There are a number of new readers who aren’t really familiar with The Science of Learning and what it is. Here is a short piece to clarify what it is and where it comes from.
The Science of Learning is about teachers. It isn’t about students, what they are taught, or the latest category that educators want to place them in. This is about teachers and what we know.
The Science of Learning isn’t about active learning, experiential learning, flipped classrooms, lecturing, sage on the stage or guide on the side, teacher development, or evidence-based learning. It isn’t about any of these things. It is about how people learn. It is learning what science tells us about the way the brain works, how the brain develops, how the brain is motivated, and generally, how we think.
We know, from robust scientific studies, how memory works, which modality (hearing, seeing etc.) is most efficient at recall, we know what motivates people, we know what people are able to learn at what age, we know optimal learning environments. We don’t have to rely on anecdotes, traditions, rumors, fads or trends. Since we know how people learn, we can figure out ways to teach according to that knowledge. This isn’t about the learners, this is about the teachers.
Learning is a biological process, and like most biological processes, the similarities are far greater than the differences. Teaching is about categorizing students and exaggerating differences for some unknown reason. When we watch people walking down the street we can observe small differences in gait, but generally, unless there has been a developmental disability or accident, everyone walks pretty well the same. Walking is a biological process. We don’t need to categorize people as visual walkers or auditory walkers, they just walk.
In fact, if you learn the scientific principles that underly how people learn, you find out that current teaching practice is almost unrelated to the actual learning process. In fact, too much of what we do in everyday teaching stifles learning potential and interferes with real progress.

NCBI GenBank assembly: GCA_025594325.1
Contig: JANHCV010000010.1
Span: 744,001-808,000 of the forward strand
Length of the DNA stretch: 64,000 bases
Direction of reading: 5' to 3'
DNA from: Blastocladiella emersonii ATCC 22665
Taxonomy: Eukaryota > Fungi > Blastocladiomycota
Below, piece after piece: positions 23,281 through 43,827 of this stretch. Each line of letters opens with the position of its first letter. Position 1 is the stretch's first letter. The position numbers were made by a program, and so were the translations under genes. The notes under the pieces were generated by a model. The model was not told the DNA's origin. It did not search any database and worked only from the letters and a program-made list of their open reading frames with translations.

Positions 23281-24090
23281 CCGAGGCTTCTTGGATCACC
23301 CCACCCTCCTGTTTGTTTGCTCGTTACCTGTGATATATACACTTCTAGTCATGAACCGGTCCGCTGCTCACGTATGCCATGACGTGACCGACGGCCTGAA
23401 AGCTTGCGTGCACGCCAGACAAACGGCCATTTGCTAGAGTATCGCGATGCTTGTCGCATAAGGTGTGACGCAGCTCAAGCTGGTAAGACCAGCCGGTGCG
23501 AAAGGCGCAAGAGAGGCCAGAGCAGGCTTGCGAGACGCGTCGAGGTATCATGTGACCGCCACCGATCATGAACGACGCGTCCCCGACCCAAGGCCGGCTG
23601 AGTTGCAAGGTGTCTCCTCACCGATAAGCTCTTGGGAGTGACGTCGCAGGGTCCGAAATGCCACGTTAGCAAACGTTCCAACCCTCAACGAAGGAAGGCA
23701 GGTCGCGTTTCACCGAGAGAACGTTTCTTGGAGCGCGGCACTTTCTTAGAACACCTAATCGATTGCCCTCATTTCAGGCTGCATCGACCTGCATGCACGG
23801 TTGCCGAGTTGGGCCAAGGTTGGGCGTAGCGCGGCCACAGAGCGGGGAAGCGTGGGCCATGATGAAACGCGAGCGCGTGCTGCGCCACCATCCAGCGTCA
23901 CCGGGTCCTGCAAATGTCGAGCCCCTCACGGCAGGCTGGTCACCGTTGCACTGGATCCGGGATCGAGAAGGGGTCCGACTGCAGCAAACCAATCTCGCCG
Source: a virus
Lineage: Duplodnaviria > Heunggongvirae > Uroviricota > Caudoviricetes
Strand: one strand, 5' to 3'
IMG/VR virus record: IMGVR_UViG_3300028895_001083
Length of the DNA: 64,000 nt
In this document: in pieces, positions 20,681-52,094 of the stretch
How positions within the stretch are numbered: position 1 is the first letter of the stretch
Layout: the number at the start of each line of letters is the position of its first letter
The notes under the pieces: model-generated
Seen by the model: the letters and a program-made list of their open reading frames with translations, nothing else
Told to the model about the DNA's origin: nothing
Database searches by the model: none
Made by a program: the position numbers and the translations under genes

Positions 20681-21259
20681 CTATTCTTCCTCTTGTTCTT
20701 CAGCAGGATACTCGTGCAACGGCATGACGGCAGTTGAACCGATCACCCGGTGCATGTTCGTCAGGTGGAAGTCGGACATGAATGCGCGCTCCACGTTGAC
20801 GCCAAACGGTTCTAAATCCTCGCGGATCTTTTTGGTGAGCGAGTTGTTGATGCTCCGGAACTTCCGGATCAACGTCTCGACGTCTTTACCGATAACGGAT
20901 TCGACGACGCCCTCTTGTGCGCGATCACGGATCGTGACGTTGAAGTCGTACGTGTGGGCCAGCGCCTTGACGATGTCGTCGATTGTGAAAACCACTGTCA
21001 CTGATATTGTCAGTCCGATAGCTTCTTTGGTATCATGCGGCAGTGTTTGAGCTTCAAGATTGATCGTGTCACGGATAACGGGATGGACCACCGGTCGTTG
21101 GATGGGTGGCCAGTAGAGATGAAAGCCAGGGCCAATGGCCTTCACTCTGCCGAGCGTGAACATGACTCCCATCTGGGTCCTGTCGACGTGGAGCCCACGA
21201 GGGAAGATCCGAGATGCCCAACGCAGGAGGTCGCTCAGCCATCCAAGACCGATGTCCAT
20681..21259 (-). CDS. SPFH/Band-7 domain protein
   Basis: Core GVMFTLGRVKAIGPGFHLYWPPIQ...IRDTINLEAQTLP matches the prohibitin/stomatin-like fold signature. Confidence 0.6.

These things that I am writing about aren’t based on my opinion. These things are based on scientific evidence. Scientific evidence that has been gathered in laboratories for a century or more. The Science of Learning is all about how we take these principles and apply them to our teaching practice.
Nobel laureate Carl Wieman, a pioneer in effective science education and past associate director of science at the White House Office of Science and Technology Policy, noted that although much is known (from cognitive psychology, brain science, and college classroom studies) about thinking and learning, this knowledge is almost never applied to teaching techniques.
After a seminar, I asked a lecturer who attended several seminars that I led, “What are you going to do with the scientific principles we have been talking about here?” Her answer stunned me. It was something like, “I come to these seminars to meet my continued professional development requirements. I have no interest in what the research and evidence tell me about how students learn. I worked hard to become a lecturer because that’s what I want to do. I don’t care if the students don’t learn that way. I want to lecture, so that’s what I am going to do”.
The science is here. We can use what we know to become the best teachers ever and provide our students the most amazing possibilities imaginable. We can change the world from when William Bagley, in 1934 said, “If I were seriously ill and in desperate need of a physician, and if by some miracle I could secure either Hippocrates, the Father of Medicine, or a young doctor fresh from John Hopkins School of Medicine, with his equipment comprising the latest developments in the technologies and techniques of medicine, I should, of course, take the young doctor. On the other hand, if I were commissioned to find a teacher for a group of adolescent boys, and if by some miracle, I could secure Socrates or the latest Ph.D. from Teachers College, with his latest technologies and techniques of teaching… I am fairly certain that I would jump at the chance to get Socrates.”
For the sake of our students, we need to change. For the sake of our students, we need to find out how they learn. For the sake of our students, we need to let go of our cherished traditions. For the sake of our students, we need to change the focus of our craft from teaching and move it to learning.